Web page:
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Mormont Shrugged; or, Lessons from the Game of Thrones

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Readers of this blog may remember previous posts about George R.R. Martin’s fantasy epic A Song of Ice and Fire and its TV adaptation, Game of Thrones. Over the past few years, libertarians have enjoyed writing about the series’ political and economic themes, and Carmen Dorobăţ and I have recently collected our writing into a forthcoming book chapter, available for free here.

Part of the series’ appeal is that, like many great fantasy works, it has a lot to say about real-world problems, especially when it comes to the evils of power and government. But although Martin’s books dramatize some challenging political ideas, it’s often the simplest ones that are the most powerful.

What the series captures best is the idea that while playing the game of thrones is complex and treacherous, the needs of society are deceptively simple. The truth is that peace, cooperation, and the freedom to prosper are vital conditions for human flourishing. At the same time, politics and the game of thrones have little in common with the liberal ideal of human progress. This point is made eloquently through a conversation between the aspiring queen Daenerys Targaryen and her companion, the world-weary knight Ser Jorah Mormont. Daenerys believes the common people of the Seven Kingdoms are praying for a great and enlightened ruler to free them through force of arms.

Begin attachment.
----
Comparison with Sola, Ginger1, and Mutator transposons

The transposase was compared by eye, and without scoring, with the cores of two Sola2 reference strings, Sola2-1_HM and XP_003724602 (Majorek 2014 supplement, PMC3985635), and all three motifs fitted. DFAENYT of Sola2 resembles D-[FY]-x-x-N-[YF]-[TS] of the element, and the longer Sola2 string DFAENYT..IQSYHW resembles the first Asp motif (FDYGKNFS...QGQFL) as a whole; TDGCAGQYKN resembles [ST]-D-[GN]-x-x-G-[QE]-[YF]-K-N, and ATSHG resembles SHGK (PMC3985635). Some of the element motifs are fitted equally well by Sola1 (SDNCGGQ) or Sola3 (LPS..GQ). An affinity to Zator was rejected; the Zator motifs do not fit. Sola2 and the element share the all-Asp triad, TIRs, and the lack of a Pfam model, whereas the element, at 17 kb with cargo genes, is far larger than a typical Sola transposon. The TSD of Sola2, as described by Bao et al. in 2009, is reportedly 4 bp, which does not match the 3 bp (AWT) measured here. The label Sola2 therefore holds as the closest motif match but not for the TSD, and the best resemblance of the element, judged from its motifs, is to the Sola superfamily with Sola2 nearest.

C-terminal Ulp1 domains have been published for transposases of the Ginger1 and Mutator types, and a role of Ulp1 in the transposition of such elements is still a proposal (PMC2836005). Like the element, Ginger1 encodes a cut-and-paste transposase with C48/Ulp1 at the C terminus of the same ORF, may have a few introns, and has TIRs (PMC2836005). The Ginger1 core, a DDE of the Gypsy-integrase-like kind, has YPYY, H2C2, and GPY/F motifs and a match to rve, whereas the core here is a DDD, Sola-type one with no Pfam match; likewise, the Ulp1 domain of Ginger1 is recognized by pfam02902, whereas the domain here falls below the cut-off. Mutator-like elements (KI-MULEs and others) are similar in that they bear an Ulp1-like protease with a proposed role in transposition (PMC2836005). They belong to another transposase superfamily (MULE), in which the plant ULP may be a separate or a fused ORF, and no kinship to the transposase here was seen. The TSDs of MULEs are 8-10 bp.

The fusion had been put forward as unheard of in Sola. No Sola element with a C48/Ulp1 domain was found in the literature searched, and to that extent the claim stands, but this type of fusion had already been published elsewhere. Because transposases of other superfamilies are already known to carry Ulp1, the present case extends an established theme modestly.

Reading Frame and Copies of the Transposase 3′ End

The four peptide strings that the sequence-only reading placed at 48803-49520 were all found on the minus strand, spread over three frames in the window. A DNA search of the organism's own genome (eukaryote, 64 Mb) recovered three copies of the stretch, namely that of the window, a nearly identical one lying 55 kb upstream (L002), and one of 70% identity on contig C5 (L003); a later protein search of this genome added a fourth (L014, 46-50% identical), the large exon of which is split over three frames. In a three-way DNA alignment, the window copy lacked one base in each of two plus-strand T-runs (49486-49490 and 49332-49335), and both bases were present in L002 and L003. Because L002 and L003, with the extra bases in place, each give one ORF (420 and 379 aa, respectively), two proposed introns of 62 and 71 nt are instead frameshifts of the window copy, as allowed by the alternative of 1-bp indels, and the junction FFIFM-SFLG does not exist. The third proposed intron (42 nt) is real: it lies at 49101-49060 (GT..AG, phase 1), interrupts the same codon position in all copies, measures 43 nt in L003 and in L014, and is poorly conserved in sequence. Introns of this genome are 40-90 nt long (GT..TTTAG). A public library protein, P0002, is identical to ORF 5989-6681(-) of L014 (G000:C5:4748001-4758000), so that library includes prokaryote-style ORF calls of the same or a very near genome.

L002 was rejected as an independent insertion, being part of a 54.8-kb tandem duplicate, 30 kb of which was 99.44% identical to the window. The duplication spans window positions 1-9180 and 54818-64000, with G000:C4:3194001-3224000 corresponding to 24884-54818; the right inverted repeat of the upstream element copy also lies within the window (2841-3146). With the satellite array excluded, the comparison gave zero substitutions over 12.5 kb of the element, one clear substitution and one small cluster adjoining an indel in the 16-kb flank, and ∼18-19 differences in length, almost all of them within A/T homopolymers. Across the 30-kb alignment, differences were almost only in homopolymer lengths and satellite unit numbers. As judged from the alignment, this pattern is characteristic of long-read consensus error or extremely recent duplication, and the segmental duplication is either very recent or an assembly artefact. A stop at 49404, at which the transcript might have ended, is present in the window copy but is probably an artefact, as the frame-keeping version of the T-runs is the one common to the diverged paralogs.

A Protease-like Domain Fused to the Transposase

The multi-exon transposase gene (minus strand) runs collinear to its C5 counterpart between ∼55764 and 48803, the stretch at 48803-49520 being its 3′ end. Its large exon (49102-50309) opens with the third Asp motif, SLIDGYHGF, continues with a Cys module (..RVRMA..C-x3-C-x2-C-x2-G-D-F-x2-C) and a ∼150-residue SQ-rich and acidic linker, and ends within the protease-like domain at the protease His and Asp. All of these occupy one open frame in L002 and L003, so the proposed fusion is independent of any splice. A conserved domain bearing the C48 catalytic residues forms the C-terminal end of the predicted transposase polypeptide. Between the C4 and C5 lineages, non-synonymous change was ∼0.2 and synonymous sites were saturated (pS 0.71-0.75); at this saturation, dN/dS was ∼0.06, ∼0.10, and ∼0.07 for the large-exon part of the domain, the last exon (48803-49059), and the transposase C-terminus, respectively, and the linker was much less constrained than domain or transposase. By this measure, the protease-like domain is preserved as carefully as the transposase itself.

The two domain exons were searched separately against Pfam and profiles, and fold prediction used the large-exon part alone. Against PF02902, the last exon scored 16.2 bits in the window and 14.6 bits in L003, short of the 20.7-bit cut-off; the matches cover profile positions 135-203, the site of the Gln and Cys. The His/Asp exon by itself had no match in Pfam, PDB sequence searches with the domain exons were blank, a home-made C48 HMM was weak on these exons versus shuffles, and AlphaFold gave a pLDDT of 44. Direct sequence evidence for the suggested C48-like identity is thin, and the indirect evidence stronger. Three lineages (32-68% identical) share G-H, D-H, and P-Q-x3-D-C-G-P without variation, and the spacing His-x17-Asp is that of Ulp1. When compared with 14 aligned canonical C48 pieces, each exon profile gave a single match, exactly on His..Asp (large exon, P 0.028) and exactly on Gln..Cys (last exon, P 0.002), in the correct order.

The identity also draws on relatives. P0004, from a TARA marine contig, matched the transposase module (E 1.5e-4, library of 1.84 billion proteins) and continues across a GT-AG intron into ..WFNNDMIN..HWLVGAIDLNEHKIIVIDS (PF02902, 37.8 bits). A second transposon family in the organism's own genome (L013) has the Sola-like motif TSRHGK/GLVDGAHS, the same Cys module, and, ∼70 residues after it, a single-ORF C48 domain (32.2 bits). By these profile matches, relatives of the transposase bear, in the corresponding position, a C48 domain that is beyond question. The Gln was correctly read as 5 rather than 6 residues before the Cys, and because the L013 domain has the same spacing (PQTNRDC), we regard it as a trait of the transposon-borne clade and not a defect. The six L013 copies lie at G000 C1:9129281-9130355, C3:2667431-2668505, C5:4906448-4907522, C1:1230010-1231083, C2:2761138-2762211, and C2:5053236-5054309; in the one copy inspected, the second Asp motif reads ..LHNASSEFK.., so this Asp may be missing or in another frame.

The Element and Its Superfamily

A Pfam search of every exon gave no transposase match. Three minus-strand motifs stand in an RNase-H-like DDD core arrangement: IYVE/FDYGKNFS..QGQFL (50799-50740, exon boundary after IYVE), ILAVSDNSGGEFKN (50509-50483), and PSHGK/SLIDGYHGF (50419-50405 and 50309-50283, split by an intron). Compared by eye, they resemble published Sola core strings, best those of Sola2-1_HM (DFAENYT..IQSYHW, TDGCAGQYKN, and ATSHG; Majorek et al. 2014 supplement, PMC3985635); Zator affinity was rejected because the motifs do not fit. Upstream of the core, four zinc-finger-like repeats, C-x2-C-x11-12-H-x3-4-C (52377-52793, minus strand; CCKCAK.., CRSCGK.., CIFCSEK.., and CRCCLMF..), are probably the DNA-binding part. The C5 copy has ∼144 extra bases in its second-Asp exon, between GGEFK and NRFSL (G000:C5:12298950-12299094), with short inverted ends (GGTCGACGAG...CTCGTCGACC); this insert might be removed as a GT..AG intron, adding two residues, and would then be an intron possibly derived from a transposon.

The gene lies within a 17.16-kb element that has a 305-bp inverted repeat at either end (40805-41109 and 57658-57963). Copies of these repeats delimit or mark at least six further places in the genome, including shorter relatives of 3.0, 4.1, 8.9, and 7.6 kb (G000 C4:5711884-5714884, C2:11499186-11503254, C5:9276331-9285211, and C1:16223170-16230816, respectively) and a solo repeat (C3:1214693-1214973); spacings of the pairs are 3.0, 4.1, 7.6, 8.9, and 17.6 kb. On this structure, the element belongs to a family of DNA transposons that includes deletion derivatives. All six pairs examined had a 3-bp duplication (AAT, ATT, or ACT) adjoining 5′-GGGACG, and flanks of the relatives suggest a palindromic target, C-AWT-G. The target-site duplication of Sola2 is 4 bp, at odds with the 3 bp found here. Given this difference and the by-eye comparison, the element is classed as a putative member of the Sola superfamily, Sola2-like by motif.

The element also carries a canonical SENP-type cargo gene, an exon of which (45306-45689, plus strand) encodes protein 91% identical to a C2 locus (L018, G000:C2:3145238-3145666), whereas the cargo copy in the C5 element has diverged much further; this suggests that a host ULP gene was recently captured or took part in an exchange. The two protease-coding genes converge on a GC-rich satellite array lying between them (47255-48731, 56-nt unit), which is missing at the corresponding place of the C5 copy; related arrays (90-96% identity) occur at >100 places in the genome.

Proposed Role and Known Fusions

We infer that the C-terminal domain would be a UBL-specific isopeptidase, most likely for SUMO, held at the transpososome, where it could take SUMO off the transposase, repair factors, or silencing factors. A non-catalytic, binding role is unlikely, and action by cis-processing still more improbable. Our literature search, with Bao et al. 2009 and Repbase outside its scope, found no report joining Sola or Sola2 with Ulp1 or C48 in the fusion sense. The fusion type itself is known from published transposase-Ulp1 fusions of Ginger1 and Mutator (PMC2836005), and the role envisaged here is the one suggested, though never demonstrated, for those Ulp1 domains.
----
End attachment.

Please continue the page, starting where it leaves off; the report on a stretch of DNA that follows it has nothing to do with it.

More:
Mormont’s reply is telling:

The common people pray for rain, healthy children, and a summer that never ends,” Ser Jorah told her. “It is no matter to them if the high lords play their game of thrones, so long as they are left in peace.” He gave a shrug. “They never are.”

Matt McCaffrey, former Mises Research Fellow, is assistant professor of enterprise at the University of Manchester.

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